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Title:Automated deductive verification of systems software
Author(s):Pek, Edgar
Director of Research:Parthasarathy, Madhusudan
Doctoral Committee Chair(s):Parthasarathy, Madhusudan
Doctoral Committee Member(s):King, Samuel T; Ball, Thomas; Rosu, Grigore
Department / Program:Computer Science
Discipline:Computer Science
Degree Granting Institution:University of Illinois at Urbana-Champaign
Subject(s):software verification
software security
automated deductive reasoning
Abstract:Software has become an integral part of our everyday lives, and so is our reliance on his correct functioning. Systems software lies at the heart of computer systems, consequently ensuring its reliability and security is of paramount importance. This thesis explores automated deductive verification for increasing reliability and security of systems software. The thesis is comprised of the three main threads. The first thread describes how the state-of-the art deductive verification techniques can help in developing more secure operating system. We have developed a prototype of an Android-based operating system with strong assurance guarantees. Operating systems code heavily relies on mutable data structures. In our experience, reasoning about such pointer-manipulating programs was the hardest aspect of the operating system verification effort because correctness criteria describes intricate combinations of structure (shape), content (data), and separation. Thus, in the second thread, we explore design and development of an automated verification system for assuring correctness of pointer-manipulating programs using an extension of Hoare’s logic for reasoning about programs that access and update heap allocated data-structures. We have developed a verification framework that allows reasoning about C programs using only domain specific code annotations. The same thread contains a novel idea that enables efficient runtime checking of assertions that can express properties of dynamically manipulated linked-list data structures. Finally, we describe the work that paves a new way for reasoning about distributed protocols. We propose certified program models, where an executable language (such as C) is used for modelling – an executable language enables testing, and emerging program verifiers for mainstream executable languages enable certification of such models. As an instance of this approach, concurrent C code is used for modelling and a program verifier for concurrent C (VCC from Microsoft Research) is used for certification of new class of systems software that serves as a backbone for efficient distributed data storage.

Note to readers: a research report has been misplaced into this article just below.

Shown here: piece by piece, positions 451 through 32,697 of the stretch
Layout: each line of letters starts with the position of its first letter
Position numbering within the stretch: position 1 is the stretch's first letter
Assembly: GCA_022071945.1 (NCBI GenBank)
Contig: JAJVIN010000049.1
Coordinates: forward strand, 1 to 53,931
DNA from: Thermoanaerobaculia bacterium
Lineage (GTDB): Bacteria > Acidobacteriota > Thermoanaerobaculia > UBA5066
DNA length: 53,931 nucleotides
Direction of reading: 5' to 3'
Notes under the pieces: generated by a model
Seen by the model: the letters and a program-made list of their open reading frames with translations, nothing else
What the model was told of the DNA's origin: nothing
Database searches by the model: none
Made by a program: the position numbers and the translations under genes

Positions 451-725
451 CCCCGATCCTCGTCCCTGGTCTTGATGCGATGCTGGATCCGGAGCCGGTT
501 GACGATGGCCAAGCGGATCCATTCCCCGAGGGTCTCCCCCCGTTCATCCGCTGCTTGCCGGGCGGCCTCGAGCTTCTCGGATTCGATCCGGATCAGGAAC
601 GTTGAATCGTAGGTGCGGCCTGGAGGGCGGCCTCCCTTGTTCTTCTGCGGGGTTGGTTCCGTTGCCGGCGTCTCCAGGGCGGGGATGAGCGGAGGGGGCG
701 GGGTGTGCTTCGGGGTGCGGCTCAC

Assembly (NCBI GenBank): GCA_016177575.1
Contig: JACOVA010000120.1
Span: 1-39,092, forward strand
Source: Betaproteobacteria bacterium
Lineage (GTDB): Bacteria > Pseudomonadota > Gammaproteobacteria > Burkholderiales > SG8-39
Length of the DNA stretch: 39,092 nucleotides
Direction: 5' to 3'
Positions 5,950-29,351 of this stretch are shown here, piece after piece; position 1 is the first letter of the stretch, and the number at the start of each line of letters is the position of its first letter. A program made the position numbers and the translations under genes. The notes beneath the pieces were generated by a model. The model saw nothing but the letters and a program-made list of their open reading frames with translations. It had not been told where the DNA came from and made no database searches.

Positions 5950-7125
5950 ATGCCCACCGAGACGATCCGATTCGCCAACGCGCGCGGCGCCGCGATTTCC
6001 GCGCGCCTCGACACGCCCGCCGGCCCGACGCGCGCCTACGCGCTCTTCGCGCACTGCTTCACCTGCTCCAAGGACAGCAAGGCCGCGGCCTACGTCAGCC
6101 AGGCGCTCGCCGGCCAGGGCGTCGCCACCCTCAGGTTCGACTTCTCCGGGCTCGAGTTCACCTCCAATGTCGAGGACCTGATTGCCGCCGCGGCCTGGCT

Issue Date:2015-11-25
Rights Information:Copyright 2015 Edgar Pek
Date Available in IDEALS:2016-03-02
Date Deposited:2015-12

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